Tis the season for excess, balance hardly comes into it – right?
While we make merry, we can make sure we avoid hangovers, of the headache, health and financial varieties, with a bit of balance.
As usual it is not an exact thing – we don’t have to balance our egg with our nog equally, just try for some celebratory middle ground.
I reckon it’s all about ‘moderate indulgence’ – that sweet spot somewhere between indulgence and moderation, because no-one likes to miss out at Christmas time.
For me, moderate indulgence means giving more than receiving. It means giving to the less fortunate alongside children, family and friends, spending but not splurging, water with wine, and one slice of plum pudding not two.
It means healthy, lighter meals and exercise (as simple as a beach walk or game of cricket if not a gym session) in amongst the feasting and relaxation.
It means space for self amidst the party preparations and the socializing.
It means living the spirit of Christmas as a celebration of peace and love not an ode to comparison and consumerism. This year it means no electronics.
Without trying to be preachy, I don’t reckon we can really enjoy Christmas when we are worried about the trappings of it.
We can never enjoy it if we expect perfection – because the turkey isn’t always going to turn out just right, there will be a crush at the supermarket, families can be fraught and feelings fractured, arguments inevitable and the singing always bad.
But on balance, of the “moderate indulgence’ always imperfect kind, we can enjoy the character of Christmas and celebrate the spirit of the season.
Last week I sang an ode to the twelve days of Christmas and the gifts I hoped my true love, with help from the universe, might bring me (like three words of affection, two ears to listen and freedom to be what I want to be). Schmaltzy I know.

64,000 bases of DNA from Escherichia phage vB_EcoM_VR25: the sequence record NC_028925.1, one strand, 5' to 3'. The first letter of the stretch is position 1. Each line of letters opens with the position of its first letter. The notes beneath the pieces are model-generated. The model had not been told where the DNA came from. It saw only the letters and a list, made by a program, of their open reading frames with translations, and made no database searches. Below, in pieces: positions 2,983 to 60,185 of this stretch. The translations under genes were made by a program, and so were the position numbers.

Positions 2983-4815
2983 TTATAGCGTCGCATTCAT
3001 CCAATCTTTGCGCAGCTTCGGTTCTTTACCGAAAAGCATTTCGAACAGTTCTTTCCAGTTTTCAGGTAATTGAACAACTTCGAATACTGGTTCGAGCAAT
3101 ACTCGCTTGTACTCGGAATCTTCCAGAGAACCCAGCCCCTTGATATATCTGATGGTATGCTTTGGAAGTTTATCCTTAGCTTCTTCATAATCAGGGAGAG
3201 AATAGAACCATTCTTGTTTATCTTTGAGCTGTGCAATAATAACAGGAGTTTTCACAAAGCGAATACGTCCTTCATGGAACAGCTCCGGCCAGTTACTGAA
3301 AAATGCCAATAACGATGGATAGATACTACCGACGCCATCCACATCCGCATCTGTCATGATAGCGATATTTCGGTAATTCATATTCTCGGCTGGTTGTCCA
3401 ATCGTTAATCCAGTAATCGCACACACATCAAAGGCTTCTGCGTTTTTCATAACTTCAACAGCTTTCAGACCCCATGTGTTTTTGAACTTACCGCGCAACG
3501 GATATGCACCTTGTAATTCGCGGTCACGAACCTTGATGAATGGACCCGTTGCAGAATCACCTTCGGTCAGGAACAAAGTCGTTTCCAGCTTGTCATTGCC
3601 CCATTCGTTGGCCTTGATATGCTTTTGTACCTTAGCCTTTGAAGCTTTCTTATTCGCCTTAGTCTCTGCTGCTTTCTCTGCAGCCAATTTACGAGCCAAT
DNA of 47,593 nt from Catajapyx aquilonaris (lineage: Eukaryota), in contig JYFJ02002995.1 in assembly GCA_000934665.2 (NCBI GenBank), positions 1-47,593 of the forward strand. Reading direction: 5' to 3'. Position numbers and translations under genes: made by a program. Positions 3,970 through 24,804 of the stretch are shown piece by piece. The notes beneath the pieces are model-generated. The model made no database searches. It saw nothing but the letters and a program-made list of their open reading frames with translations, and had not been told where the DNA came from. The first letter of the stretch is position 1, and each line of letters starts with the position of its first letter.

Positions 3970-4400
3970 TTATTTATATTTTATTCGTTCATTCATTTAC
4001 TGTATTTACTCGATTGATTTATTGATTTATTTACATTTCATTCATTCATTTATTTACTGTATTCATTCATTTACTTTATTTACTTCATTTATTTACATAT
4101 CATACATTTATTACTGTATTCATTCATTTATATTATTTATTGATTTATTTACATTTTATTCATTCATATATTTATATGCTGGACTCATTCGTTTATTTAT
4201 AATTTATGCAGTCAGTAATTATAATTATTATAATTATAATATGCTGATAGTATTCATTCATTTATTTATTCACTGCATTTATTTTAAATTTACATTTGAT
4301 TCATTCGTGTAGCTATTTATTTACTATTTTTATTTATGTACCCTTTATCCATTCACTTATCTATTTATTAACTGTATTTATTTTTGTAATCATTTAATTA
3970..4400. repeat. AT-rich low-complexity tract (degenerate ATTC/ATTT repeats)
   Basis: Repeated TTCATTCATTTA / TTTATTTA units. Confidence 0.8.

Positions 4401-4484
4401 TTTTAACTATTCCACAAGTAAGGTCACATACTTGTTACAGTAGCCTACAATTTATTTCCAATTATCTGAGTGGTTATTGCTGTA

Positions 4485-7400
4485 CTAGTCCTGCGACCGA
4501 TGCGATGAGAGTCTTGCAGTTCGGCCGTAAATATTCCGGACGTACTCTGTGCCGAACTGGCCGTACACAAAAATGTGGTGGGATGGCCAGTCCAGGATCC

This week, in response to a challenge from the lovely Jess, I’m distilling that list down to six things I want for the world (I will forego the two week holiday on a secluded tropical island that was one of the ‘six special surprises’ on last weeks list, if it means even one of the below might come true.)
1. An endless supply of gratitude – particularly gratitude from those of us who have so much to be thankful for. We could learn a thing or two from those with so little. And with enough gratitude, particularly the sort you have to surrender into, I reckon we could achieve No 2 below.
2. A balanced world – what might that look like? I’d like to think it would mean an end to poverty, but I can’t see an end to ‘wealth’ anytime soon. But surely we can end extreme poverty, starvation, help the world’s poorest. I’d love to think balance would bring peace on earth, but can only hope, pray and act to reduce conflict. I reckon balance might save our environment, if we all work towards a more sustainable world.
3. Courtesy – there will be a Christmas crush at Coles, shopping centre car parks will be impossible to find, queues will be long, but if we all show each other courtesy, respect, then it will be in the spirit of the season. And before long courtesy can evolve into compassion and we might just achieve No 2 above.
4. Change – I know I need it, the world surely needs it. Without being prepared to change we can’t grow, nor hope to achieve No 2 above.
5. Connection – we belong when we connect and realise the things we have in common are more important than the things that set us apart, as I wrote in this Tiny Buddha post this time last year.
6. Freedom – the last wish on Jess’s list and mine – from slavery, oppression, overblown materialism and unrealistic expectations. Freedom is the ‘partridge in a pear tree’ of my list.
Wishing you a very balanced Christmas.
Linking up with Grace for FYBF.